Ali Mohammed lost his salary case at the Employment Claims Tribunal. His case was never going to be easy, but we still wonder if the court could have been more thorough.
For the upcoming Universal Periodic Review in 2021, our shadow report highlights several human rights shortcomings in Singapore affecting migrant workers here.
Despite the Employment Claims Tribunal finding hundreds of employers liable for salary non-ayment, only a handful of compay directors are convicted.
With mediation meetings too difficult to organise, most cases were suspended. With the gradual lifting, there's some movement, but little prospect of happy outcomes.
Selim and Kibria, not paid for their previous jobs, are looking for new ones. They talk about inescapable demands for money from agents, supervisors and bosses.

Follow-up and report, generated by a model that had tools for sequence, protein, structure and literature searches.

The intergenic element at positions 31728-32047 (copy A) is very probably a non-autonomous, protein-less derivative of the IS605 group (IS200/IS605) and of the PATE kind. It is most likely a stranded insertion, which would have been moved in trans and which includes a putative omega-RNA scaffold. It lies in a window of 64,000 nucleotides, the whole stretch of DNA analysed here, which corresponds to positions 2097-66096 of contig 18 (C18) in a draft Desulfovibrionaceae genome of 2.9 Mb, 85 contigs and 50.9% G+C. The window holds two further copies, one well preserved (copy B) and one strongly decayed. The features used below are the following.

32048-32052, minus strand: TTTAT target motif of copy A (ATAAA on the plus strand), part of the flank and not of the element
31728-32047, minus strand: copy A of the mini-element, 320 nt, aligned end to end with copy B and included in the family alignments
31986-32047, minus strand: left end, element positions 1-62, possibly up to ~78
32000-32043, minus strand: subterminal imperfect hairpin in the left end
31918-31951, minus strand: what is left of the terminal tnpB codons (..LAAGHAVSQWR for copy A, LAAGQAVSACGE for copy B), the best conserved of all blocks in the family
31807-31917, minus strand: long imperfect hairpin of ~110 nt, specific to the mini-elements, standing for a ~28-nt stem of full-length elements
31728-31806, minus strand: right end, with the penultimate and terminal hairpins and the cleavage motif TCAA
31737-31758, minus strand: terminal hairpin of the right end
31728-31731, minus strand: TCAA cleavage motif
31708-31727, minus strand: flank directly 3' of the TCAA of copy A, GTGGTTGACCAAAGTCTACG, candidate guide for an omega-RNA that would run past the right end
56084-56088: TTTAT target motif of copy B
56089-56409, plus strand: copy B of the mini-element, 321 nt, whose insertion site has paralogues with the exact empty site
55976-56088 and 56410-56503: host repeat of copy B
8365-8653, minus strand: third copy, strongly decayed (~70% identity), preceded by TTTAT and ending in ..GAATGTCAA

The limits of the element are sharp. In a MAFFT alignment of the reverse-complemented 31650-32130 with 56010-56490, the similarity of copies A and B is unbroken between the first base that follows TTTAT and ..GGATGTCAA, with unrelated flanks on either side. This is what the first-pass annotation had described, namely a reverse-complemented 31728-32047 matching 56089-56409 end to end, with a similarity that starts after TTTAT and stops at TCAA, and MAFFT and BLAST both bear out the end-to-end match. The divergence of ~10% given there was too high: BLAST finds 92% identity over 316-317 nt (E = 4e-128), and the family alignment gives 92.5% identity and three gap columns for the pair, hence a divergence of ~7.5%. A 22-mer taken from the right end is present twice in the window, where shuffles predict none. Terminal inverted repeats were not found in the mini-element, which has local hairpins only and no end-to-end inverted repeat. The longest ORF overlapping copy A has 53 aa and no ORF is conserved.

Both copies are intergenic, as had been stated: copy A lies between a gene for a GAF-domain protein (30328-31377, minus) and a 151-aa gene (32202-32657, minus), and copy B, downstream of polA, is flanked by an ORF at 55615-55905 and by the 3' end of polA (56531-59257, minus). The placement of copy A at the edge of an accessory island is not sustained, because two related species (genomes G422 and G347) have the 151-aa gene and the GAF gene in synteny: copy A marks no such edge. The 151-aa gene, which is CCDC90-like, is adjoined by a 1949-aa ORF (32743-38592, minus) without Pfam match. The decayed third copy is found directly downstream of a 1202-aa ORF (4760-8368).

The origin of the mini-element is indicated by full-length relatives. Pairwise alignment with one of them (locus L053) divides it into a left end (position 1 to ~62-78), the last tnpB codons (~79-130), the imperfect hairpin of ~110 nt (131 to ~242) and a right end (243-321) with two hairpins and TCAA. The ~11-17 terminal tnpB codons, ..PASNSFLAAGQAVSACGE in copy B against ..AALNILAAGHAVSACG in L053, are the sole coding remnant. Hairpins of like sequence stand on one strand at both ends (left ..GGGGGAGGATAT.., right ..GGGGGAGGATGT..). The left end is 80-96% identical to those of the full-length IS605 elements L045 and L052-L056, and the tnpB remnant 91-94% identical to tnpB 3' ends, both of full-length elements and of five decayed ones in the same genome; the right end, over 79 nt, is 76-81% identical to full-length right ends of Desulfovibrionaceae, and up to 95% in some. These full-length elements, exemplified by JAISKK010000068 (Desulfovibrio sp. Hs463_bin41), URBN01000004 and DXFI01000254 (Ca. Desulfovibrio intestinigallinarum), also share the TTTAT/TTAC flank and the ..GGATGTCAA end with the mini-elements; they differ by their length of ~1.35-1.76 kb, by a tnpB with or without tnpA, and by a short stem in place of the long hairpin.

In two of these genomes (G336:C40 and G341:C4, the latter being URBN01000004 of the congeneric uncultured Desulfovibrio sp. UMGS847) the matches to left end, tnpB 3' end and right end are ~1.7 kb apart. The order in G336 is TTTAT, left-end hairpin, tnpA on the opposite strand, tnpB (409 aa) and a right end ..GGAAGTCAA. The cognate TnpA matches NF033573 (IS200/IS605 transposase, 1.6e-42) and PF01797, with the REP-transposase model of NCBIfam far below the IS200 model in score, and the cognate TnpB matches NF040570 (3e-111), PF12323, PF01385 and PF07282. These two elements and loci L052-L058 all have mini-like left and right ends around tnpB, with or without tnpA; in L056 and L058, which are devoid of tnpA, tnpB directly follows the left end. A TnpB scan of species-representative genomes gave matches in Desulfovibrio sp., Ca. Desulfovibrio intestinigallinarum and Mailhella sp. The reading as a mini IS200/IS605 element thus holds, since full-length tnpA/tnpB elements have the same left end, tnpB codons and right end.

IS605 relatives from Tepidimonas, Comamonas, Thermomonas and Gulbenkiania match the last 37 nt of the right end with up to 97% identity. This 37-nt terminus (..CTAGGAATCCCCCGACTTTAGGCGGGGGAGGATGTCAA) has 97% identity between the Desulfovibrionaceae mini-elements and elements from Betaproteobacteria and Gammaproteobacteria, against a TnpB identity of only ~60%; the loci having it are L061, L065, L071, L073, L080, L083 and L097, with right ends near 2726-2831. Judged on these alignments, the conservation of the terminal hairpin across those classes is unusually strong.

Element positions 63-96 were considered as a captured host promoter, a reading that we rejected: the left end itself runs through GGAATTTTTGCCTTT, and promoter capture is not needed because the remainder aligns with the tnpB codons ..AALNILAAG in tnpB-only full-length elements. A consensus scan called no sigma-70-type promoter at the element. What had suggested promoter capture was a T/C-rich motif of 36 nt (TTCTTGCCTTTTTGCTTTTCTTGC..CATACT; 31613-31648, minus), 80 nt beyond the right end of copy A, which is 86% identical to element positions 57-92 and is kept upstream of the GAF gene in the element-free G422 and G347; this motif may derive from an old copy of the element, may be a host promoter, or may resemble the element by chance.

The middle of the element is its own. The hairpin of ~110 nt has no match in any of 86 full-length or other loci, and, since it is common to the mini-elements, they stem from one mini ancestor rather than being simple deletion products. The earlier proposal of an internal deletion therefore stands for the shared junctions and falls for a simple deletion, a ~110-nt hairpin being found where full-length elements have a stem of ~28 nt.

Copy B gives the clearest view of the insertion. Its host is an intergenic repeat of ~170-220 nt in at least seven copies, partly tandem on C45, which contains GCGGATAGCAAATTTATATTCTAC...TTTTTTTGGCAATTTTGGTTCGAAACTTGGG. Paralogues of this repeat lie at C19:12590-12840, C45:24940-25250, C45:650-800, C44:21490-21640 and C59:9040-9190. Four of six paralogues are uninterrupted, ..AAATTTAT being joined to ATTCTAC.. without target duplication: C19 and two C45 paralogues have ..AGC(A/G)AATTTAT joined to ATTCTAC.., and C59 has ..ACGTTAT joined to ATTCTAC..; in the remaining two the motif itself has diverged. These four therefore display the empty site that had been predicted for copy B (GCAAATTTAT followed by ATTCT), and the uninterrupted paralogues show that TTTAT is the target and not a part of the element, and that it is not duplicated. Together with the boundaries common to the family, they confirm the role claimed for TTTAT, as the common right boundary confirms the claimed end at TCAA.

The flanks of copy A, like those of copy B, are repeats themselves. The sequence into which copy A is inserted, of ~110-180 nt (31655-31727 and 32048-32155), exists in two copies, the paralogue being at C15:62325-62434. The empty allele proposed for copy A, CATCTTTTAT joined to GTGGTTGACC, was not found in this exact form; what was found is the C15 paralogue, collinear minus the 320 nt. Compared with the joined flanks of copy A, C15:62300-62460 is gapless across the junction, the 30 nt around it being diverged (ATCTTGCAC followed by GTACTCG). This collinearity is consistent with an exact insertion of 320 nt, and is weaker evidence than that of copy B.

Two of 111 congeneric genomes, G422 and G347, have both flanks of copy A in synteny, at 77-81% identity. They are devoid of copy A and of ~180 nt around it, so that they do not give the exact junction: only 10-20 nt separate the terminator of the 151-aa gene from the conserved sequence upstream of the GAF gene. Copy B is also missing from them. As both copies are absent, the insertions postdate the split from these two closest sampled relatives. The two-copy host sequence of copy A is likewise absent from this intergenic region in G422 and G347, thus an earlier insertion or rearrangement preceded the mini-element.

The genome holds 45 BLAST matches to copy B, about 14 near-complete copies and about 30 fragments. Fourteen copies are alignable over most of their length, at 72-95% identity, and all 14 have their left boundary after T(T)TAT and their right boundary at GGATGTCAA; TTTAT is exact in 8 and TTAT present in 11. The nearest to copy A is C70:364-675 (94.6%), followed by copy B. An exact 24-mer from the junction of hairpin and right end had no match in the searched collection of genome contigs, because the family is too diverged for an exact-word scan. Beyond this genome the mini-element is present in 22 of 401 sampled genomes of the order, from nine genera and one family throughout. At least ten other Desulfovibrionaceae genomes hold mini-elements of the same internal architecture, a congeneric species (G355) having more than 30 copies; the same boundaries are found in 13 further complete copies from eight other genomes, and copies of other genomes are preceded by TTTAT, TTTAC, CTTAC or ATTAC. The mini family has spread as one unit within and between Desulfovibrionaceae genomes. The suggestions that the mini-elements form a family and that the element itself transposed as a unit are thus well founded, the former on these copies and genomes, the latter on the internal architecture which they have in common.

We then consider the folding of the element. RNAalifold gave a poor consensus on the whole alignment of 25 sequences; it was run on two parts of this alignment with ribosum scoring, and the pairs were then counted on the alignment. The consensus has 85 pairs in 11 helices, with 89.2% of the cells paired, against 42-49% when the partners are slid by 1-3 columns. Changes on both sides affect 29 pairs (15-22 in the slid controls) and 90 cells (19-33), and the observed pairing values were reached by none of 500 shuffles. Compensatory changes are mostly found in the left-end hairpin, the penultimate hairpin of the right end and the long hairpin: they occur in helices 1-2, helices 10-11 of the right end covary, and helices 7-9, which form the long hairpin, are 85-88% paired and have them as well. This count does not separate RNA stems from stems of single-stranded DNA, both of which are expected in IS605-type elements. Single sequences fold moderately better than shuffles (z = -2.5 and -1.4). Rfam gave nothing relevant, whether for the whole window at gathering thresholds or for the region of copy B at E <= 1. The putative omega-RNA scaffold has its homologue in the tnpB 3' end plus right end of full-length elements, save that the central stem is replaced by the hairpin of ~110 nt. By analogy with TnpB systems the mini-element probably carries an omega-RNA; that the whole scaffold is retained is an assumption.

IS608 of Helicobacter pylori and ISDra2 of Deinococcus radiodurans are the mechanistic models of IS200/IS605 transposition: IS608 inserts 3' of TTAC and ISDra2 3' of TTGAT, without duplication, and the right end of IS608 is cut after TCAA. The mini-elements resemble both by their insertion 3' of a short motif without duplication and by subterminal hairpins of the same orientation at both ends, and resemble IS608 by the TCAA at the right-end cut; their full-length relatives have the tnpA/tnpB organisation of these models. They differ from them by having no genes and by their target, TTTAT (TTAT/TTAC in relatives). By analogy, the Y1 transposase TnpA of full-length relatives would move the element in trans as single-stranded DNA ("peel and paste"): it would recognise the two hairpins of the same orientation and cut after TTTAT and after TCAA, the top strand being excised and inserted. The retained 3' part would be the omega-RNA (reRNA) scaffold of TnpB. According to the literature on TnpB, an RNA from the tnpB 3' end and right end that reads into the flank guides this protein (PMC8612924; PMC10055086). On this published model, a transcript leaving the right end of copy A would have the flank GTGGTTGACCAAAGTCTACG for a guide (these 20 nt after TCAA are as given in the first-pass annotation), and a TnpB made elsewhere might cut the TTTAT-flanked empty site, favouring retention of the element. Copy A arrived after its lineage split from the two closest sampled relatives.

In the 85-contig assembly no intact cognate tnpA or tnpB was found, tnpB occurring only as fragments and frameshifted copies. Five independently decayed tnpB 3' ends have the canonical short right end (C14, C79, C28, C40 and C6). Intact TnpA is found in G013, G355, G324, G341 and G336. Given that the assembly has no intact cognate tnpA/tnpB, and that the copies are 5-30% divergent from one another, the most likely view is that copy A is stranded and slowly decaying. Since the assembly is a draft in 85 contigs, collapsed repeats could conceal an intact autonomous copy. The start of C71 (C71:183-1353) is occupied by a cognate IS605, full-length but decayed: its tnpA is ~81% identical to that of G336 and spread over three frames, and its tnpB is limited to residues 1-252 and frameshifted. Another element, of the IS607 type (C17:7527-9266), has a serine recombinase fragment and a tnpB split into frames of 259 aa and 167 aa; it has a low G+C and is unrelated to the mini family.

Carpenter Babul had had good experiences with Singaporean bosses, unlike employers from India or Bangladesh, whom he felt didn't care for their employees. A nice lady boss came along and offered him a job...
With what looks like a policy change, worker's access to the Employment Claims Tribunal now appears to be seriously impeded by costs and uncertainty of process.
We felt that the Employment Claims Tribunal erred in two major areas in its ruling over Ali Liakat's salary claim. Leave to appeal was sought, but denied.
We got ready to serve a Writ of Seizure & Sale on an employer who was ignoring court orders to pay a worker her salary, but things happened so fast, we didn't know if we succeeded or not.
A rare success story here, where we helped a Chinese migrant worker to recover the bulk of her owed salary from a restaurant chain.